Author Affiliation: Institute for Vaccine Safety, Johns Hopkins School of Hygiene and Public Health, Baltimore, Md.
In late June of this year, the Food and Drug Administration (FDA) revealed
that some infants who receive multiple doses of vaccines containing thimerosal
could be exposed to total amounts of mercury that exceed some federal guidelines.1 Thimerosal is a mercury-containing preservative used
in some Haemophilus influenzae type b (Hib), diphtheria
and tetanus toxoids with acellular pertussis (DTaP), hepatitis B, influenza,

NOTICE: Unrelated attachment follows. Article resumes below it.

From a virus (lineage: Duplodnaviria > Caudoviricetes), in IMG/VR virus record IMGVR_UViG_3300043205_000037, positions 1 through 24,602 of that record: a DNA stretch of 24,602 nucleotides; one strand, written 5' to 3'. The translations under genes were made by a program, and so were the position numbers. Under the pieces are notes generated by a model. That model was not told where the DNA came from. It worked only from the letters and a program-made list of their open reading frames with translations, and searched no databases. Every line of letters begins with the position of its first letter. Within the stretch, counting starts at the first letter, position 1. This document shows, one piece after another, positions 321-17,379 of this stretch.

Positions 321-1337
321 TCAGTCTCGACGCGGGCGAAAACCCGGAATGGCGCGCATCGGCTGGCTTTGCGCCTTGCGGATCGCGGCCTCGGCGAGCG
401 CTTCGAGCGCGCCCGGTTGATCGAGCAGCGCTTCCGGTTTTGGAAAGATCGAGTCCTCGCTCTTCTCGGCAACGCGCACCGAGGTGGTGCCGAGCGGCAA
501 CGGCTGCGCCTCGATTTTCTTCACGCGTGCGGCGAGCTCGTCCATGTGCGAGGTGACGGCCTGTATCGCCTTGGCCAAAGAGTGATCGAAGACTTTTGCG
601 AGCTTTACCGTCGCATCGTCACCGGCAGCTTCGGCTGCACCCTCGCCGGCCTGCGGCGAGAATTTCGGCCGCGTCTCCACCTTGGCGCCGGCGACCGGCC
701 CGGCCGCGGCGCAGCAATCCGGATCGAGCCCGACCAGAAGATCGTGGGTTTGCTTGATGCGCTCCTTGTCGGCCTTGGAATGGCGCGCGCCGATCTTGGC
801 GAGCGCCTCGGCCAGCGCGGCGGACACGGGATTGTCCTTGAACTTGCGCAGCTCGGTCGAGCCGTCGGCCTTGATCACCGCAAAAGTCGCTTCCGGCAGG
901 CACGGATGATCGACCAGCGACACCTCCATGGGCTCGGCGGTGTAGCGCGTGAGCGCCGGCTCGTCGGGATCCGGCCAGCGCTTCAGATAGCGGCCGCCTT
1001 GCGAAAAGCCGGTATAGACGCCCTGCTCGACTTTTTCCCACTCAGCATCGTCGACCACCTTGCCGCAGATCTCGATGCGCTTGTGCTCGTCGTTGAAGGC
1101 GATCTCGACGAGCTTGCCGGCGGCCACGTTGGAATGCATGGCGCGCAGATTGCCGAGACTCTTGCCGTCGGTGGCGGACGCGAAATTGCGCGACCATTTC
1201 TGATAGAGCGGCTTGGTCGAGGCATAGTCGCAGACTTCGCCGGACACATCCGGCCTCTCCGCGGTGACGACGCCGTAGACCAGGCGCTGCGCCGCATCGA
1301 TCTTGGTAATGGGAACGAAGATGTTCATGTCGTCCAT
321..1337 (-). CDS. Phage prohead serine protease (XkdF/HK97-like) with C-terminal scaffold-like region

and other vaccines.2 Federal agencies, the
American Academy of Pediatrics (AAP), international agencies, and vaccine
manufacturers have responded quickly to address the concern.1,3,5
However, more can be done to maintain public confidence in vaccines and to
reduce childhood exposures to mercury from all sources.
Halsey NA. Limiting Infant Exposure to Thimerosal in Vaccines and Other Sources of Mercury. JAMA. 1999;282(18):1763-1766. doi:10.1001/jama.282.18.1763